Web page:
I get to work with countless individuals and groups that have helped guide my research, but none of my work would be possible without the help of my research assistants who provide not only field support, but logistical, interpretive, and conceptual support as well. Find out more about them below.
Mesu joined the project in 2014 when fieldwork first began. I was grateful to have him join me in 2017 for the start of my own research. With me, Mesu was involved in liaising with village leaders on travel logistics and conducting cultural protocols for our team. Across 9 villages in Fiji, he interviewed 45 farmers on their management decisions post-cyclone and helped survey agroforest biodiversity. Mesu also carried out his own research documenting methods of taro and yam cultivation in Fiji. Mesu's extensive knowledge of plants in Fiji, and interest in food crops, have been crucial to this project's success.
Mesu earned his Bachelors of Arts in Environmental Studies from the University of the South Pacific, Fiji. He is now a Masters student at Massey University, New Zealand where he will obtain his Masters of Science studying the Myrtle Rust incursion in New Zealand. Specifically Mesu is focusing on the response of indigenous communities to this biosecurity risk, governmental policy surrounding the pathogen and its control, and the biology and genetics of the pathogen itself (Puccinia psidii). Through his research he hopes to identify additional, more effective local management strategies that enable the iwi and primary investigators to work together for the protection of their native plant species. His work is pivotal to understanding this increasingly pervasive fungal infection that is spreading rapidly across the Pacific, including in Australia, Hawaiʻi, and Aotearoa (New Zealand).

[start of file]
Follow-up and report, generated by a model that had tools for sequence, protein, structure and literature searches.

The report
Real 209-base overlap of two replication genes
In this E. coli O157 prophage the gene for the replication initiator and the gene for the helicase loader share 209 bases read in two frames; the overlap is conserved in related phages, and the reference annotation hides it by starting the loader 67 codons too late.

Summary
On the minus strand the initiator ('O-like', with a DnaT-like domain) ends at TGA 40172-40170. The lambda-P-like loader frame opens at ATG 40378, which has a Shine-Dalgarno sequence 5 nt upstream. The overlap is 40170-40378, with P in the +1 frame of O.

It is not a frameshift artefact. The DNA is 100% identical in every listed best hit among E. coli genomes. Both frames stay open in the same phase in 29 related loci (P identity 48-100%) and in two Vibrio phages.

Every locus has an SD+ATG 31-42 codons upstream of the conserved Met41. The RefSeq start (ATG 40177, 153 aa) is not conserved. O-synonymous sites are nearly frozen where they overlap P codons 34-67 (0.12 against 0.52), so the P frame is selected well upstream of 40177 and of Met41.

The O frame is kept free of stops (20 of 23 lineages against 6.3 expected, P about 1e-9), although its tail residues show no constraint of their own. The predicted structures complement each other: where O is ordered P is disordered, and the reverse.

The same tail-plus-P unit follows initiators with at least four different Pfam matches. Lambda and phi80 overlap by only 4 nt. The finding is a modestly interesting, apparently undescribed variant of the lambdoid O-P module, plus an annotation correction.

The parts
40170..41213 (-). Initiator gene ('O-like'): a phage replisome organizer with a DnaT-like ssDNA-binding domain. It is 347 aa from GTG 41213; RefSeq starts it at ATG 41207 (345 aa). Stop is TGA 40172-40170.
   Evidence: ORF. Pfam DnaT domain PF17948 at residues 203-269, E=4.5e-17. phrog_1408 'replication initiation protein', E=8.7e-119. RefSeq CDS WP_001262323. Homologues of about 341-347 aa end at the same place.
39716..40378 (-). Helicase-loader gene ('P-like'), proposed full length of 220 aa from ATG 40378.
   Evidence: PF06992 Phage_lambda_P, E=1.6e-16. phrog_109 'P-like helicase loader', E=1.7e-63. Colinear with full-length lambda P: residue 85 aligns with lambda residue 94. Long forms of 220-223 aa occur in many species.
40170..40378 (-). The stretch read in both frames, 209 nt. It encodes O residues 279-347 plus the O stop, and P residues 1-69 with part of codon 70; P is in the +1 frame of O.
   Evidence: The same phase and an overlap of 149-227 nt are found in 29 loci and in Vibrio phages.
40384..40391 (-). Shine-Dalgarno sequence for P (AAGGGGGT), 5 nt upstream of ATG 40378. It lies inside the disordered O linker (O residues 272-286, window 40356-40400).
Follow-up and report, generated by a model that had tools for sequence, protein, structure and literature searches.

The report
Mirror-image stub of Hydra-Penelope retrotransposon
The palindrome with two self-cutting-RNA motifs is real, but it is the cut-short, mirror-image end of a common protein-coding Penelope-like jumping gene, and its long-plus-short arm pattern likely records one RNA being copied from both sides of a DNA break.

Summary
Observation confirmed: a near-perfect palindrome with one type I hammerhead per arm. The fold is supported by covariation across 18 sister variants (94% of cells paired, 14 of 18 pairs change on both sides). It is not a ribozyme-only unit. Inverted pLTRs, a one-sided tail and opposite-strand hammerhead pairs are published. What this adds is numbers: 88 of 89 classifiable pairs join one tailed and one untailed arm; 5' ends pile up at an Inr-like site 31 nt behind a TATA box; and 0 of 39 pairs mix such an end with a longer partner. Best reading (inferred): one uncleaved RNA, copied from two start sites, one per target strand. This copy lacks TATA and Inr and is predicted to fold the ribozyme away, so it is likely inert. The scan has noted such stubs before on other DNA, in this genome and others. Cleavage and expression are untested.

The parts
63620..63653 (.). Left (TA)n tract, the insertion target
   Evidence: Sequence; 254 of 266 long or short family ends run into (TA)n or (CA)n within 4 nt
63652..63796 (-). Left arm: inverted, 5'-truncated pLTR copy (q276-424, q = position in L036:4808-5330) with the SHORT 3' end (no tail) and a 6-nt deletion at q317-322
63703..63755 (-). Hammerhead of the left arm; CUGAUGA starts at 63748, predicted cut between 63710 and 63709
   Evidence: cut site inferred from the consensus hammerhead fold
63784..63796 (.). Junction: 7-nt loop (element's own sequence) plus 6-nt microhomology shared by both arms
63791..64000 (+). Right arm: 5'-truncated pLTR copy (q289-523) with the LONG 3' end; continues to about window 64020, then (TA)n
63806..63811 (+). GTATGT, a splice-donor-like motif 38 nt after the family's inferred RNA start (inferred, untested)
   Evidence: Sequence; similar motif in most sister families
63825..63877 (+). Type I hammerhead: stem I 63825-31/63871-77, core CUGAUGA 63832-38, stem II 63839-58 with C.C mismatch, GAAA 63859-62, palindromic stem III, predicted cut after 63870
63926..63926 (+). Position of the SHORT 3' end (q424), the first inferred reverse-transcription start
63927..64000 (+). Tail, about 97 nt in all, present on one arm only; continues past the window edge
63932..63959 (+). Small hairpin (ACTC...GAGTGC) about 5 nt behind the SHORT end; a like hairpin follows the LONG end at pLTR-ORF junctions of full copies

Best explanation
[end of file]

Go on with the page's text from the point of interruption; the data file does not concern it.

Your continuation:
Rosi has been working on this project since fieldwork began in 2014 and I was lucky to have her join me in 2017 for the beginning of my own research. During this time, Rosi conducted over 100 interviews with women in 9 villages across Fiji collecting information about the foods they prepare and what a daily diet looks like for them. She also conducted additional interviews about culturally important plants and how people currently connect to place. Rosi's sense of humor and communication skills not only made the work more enjoyable, it was also pivotal to the success of this research.
Rosi studied Environmental Studies at the University of the South Pacific, Fiji and has worked on numerous projects in Fiji researching traditional knowledge and conservation, which she shares at a global scale. Watch Rosi share her story of Chuck Norris the turtle along with other Pacific Island leaders in Hawaiʻi at He pūko‘a kani ‘ āina here: https://vimeo.com/180967739#t=2270s